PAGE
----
Las Vegas — Despite challenges that face plastic recycling markets due to low commodity pricing, Patty Moore remains optimistic.
That’s because the decision to use recycled resin is not just about its cost compared to virgin resin, said the president of Moore Recycling Associates Inc., a plastics recycling consulting firm.
“I remain very confident that recycling will continue to play a major role in our waste management and recycling strategies and in our sustainable materials management strategies,” Moore said at the recent plastics summit at the Institute of Scrap Recycling Industries Inc. conference in Las Vegas.
Recycled resin typically, but not always, trades at a price lower than virgin resin. And with virgin resin being so inexpensive, relatively speaking, due to low oil and gas prices, that’s putting pressure on the recycling markets.
But, Moore told the audience, other factors come into play when companies consider using recycled resin.
Carbon emissions are an important issue for society today, and the use of recycled resin can help in that regard.
“Recycled material greatly reduces carbon emissions when used. It’s pretty dramatic. So if a company wants to reduce its carbon footprint, this is one of the ways they can do it very quickly,” she said. “Maybe not so easily, but certainly, it is a dramatic drop.”
While one factor favoring the use of recycled resin involves the air, another involves the sea.
“There is enormous pressure on marine debris issues right now. Studies have shown it’s a land-based issue. It’s a litter issue. That requires implementation of land-based waste management practices and these practices will not be implemented without recycling as part of them,” Moore said.
Even with these two advantages, plastics recycling is being challenged these days.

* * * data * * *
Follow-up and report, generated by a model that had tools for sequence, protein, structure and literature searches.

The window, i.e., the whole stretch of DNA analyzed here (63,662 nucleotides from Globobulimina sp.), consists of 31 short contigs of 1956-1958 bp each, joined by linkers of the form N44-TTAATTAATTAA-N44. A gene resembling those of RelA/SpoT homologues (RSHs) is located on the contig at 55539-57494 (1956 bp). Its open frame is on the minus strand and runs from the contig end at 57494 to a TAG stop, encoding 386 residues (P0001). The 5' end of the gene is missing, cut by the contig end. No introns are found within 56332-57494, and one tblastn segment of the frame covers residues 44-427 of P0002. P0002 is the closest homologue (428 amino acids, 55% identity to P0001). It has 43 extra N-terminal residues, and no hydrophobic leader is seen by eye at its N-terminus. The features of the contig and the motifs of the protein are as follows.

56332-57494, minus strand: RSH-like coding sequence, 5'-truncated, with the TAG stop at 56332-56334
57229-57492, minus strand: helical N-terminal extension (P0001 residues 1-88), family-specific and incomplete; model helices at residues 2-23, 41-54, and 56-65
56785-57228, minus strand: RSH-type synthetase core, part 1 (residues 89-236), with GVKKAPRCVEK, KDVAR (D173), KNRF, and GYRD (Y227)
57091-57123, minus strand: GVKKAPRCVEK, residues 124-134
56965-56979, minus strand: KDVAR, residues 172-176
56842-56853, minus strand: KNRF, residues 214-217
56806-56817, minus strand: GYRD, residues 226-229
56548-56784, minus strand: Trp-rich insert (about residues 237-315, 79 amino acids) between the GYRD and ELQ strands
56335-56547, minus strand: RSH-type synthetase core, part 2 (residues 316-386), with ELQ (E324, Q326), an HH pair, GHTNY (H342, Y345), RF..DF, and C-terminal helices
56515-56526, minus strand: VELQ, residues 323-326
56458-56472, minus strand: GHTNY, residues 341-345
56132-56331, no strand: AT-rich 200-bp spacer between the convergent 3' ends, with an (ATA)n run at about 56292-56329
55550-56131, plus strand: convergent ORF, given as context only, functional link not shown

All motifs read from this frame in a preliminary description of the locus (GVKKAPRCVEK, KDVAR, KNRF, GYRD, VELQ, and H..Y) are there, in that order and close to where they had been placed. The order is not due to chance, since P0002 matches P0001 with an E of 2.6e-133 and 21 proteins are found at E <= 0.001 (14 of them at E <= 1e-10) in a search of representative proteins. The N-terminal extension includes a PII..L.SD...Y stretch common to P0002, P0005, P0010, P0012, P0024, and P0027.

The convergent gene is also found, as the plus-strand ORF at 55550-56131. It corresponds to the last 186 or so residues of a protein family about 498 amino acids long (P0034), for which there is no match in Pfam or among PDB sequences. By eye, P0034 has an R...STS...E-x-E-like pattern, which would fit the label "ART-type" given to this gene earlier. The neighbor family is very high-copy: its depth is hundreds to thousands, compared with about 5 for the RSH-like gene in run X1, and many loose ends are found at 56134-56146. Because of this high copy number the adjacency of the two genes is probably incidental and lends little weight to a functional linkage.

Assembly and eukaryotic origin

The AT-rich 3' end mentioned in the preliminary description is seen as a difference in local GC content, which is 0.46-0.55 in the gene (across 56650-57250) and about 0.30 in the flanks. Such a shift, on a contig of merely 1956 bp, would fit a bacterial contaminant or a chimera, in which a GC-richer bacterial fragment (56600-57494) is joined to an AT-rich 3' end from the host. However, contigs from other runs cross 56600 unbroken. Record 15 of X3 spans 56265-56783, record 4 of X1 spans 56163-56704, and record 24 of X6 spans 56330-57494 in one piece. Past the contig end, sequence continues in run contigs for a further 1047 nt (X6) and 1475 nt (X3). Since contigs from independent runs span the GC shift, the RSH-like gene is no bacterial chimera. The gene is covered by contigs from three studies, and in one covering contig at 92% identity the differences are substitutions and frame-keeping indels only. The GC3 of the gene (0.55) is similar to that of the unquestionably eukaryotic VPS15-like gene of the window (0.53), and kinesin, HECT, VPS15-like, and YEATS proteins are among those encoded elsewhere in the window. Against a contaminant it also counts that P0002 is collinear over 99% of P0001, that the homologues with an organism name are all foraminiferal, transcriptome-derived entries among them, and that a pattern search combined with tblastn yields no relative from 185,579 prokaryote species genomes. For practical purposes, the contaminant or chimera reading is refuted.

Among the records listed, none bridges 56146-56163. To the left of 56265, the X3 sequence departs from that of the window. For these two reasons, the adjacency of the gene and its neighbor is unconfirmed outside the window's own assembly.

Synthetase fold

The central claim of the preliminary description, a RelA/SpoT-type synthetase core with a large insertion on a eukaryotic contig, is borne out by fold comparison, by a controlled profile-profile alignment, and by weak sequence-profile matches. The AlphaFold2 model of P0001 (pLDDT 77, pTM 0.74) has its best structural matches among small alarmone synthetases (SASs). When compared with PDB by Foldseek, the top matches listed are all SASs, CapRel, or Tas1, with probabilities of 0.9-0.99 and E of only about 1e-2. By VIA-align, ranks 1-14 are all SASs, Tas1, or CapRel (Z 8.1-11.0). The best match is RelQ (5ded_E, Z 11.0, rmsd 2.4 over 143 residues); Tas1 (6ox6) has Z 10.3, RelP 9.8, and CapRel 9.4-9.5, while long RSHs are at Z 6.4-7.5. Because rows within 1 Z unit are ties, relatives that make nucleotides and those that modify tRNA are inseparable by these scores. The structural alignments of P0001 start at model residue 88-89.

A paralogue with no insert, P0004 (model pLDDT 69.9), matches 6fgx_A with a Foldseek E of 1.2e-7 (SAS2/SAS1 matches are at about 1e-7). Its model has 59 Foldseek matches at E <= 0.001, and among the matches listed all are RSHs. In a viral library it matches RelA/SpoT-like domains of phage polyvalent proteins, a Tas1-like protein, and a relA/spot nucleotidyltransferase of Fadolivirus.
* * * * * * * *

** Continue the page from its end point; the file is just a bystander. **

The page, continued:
But Moore believes the industry will pull through. “I am an eternal optimist, I don’t think I could be in this industry if I wasn’t optimistic,” she told the crowd.
“Clearly, there’s more in here than just that oil-to-virgin pricing,” she said.
Moore’s colleague at Moore Recycling Associates is Nina Bellucci Butler, who is managing director of the firm. She spent part of her time focused on the maturation of film recycling efforts over the years.
Some 90 percent of the U.S. population now has access to film recycling through more than 18,000 drop-off locations.
Unlike rigid plastics, most curbside collection recycling companies turn their nose up at plastic film because it can tangle in sortation equipment. With the drop-off collection infrastructure built out to a large degree for recycled film, she said, the focus now must be on quality.
“We have plenty of access for the consumer to recycle,” Butler said. “Whether or not they are motivated to get back to retail [drop-off points] is another thing.
“Retailers across the country do accept this material. It’s a very well-established system at this point,” she said.
While plastic lumber makers such as Trex Co. Inc. an Advanced Environmental Recycling Technologies Inc. have provided an important outlet for recycled plastic film, another market for the material is growing, Butler said.
“We’ve seen more material going into the film and sheet makers over the last few years,” she said. The growth in that application is primarily coming from post-commercial sources as opposed to post-consumer collection.